A reader of my brief post on China's "one-child policy" alerted me to an informative report in Southern Weekend titled "30 Years of Birth Planning: to Change or not to Change?" which points out that the original policy was set for 30 years, and so 2010 becomes the designated year for change. This Chinese report summarizes the debate on whether to allow each and every couple a second child that is raging among Chinese policy researchers. I wish I had time to translate the arguments from both sides. For now, for those of you who don't read Chinese, MarketWatch has a report on the same subject titled "China's one-child policy little enforced -- and set to end" by V. Phani Kumar, published effectively on the same day as the Chinese report. At one point the article observes:
While China's one-child policy has drawn criticism, especially outside the country, its general acceptance by the Chinese population can come as a surprise. An often-quoted 2008 survey by the Washington, D.C.-based Pew Research Center showed that nearly 76% of China's population supports the policy.
 Are you surprised?

On an unrelated note, today ESWN republished a very interesting article titled "The twisted tale of a flawed dissident" from South China Morning Post. It gives you a glance into the personalities of some of the overseas "pro-democracy" activists. From a journalistic point of view, I found the report's writing quite balanced.

Tuesday, March 9, 2010

What Do You Know about Edinburgh?

I'll be heading to Edinburgh for a writing conference titled "China Inside Out." (I know, the resemblance between the conference's title and my blog's is curious, but I believe this is just a coincidence, with a slight possibility that they copied me. :))

The Chinese name for Edinburgh, 爱丁堡, always rouses the picture of an ancient castle, European style.  I've never been in Edinburgh before and I'm excited for this opportunity, not the least because "in October 2004 Edinburgh became the very first UNESCO City of Literature."

The conference, held in the University of Edinburgh from March 11-13, is "a celebration of Chinese Women Writers in English." Participants include:
  • Writer and academic: Professor Shu-mei Shih, Dr Judith Misrahi Barack, Dr Margaret Hillenbrand
  • Poet and fiction writer: Wang Ping
  • Fiction writers: Xujun Eberlein, Liu Hong, Chiew-Siah Tei,
  • Critics: Professor LuMing Mao. Dr Amy Lai
  • Scottish writers: Lesley Glaister, Dilys Rose, A C Clarke, Dr Bashabi Fraser
  • Convenor of the Women's Committee of Scottish PEN: Faith Pullin
  • President of Scottish PEN and writer: Jenni Calder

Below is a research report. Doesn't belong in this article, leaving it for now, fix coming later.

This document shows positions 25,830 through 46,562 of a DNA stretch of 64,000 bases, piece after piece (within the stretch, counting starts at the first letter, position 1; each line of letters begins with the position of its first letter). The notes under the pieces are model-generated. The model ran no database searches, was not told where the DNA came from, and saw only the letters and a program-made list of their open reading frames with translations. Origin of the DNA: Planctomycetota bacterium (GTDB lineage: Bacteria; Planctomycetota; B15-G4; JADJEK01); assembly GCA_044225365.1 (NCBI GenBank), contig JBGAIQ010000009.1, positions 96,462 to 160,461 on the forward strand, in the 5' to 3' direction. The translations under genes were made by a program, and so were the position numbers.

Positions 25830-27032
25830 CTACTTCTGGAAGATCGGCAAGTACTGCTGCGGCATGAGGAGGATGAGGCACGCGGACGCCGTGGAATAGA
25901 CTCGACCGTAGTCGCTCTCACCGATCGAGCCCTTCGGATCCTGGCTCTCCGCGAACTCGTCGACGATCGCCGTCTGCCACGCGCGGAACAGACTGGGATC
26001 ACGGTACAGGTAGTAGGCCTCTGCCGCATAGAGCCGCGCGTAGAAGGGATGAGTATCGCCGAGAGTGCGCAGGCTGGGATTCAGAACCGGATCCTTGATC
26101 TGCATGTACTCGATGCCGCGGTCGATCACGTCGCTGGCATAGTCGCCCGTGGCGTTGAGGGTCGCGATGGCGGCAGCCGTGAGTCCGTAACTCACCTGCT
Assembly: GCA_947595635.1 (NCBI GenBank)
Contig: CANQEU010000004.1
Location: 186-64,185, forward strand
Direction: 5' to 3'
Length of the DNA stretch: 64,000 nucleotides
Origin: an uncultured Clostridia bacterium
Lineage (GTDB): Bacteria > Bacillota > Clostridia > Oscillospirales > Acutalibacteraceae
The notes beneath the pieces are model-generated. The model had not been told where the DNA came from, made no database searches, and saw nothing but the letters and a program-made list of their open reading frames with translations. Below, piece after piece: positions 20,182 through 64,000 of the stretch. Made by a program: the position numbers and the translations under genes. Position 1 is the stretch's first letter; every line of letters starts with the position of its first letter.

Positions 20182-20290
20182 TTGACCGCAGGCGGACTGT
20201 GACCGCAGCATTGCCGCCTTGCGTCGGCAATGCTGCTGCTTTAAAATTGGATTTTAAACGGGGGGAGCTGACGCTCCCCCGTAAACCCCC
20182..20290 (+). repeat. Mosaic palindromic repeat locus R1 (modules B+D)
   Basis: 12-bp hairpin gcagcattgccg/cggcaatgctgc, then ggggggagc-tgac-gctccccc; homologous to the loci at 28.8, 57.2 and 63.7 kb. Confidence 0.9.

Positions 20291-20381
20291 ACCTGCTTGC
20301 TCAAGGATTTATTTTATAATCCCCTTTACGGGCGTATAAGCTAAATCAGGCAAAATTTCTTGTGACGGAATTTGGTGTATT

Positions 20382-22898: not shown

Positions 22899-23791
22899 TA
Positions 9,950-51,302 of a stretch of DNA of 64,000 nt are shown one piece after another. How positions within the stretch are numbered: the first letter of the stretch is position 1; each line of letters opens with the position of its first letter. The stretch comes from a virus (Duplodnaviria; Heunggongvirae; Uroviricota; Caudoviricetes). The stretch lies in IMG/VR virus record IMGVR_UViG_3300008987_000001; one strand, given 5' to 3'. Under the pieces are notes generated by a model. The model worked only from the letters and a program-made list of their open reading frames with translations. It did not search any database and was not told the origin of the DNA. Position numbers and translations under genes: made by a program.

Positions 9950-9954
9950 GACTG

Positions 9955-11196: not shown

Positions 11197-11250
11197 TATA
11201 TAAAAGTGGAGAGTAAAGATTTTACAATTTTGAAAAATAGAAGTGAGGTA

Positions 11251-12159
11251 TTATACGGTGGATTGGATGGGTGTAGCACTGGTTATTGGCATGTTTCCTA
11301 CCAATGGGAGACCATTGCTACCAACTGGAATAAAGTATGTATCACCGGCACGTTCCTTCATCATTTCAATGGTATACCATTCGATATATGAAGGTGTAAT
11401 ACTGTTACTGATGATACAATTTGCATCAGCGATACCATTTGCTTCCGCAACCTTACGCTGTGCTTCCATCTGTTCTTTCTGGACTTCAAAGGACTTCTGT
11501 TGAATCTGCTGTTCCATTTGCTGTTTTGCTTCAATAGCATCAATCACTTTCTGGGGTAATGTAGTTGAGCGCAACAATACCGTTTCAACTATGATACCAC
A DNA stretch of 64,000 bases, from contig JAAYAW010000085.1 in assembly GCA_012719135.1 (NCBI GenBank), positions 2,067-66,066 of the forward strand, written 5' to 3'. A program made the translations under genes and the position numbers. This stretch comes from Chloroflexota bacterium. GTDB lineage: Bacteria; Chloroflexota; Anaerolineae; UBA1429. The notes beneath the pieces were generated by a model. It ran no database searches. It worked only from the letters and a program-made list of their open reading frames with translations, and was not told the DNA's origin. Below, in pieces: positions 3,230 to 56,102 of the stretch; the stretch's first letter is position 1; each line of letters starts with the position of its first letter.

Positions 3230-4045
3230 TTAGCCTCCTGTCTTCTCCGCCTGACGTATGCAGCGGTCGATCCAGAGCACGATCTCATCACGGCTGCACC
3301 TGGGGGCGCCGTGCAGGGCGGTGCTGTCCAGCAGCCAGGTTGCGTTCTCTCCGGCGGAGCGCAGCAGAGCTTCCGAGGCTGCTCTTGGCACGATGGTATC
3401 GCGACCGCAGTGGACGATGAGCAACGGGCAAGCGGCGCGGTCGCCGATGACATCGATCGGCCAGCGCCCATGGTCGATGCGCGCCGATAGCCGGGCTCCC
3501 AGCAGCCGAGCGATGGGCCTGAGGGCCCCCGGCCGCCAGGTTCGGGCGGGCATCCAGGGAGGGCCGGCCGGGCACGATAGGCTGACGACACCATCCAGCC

Friday, March 5, 2010

China 2013: A Quick Review

The Prosperous Time: China 2013, by Chen Guanzhong, Oxford University Press (China), HK$70.00.

In a country where social science fiction is currently rare, this neo-Orwellian novel by a Hong Kong author who has lived in Beijing for a decade is quite phenomenal. Set in 2013's Beijing, the story follows Mr. Chen, a writer whose life experience and surname resemble that of the author, as he attempts to track down and pursue the frequently disappearing love of his life, a marginalized woman named Xiaoxi who distrusts the government and whose son is a Party informant. Meanwhile, Chen's old acquaintance, Fang Chaodi, a man in his mid-60s with a complex background, involves Xiaoxi in a different kind of search – for a lost month from the spring of 2011. Both efforts are unpopular and run into political and social obstacles. Suspicious of the government's foul play, Fang, Xiaoxi and another friend eventually kidnap a Party politburo member for questioning. In the novel's final revelations, we learn that there have been 28 bloody days preceding China's prosperous time. However, though the Chinese government has in fact done tricks to successfully create prosperity at a time of world doom, the populace's selective memory loss is not due to one such trick.

What sets the novel apart is its attempt at maintaining an Orwellian perspective against the one-party autocracy while bringing the setting up-to-date: the dark gruesome milieu in Orwell's 1984 is replaced with a jubilant celebratory mood. This proves to be both an accomplishment and a challenge for the plot. The storyline hangs together well for most of the book, but falls short in the end. It seems as if the author had set out to tackle the paradox of why an authoritarian government should be advocated by the majority of people, but ends up being persuaded by his own antagonist of the regime's legitimacy. Part of this weakness might have been caused by missed opportunities in the plot, for which I will attempt a more detailed analysis in a formal review. Despite this neo-Orwellian novel's unintended counter-Orwellian ending, it nonetheless leaves the reader troubled by the possibility of widespread public support for a non-democratic regime and thus the failure of democracy's universal value.

Update: related link - "The Return of Politically Charged Science Fiction in China" (Foreign Policy)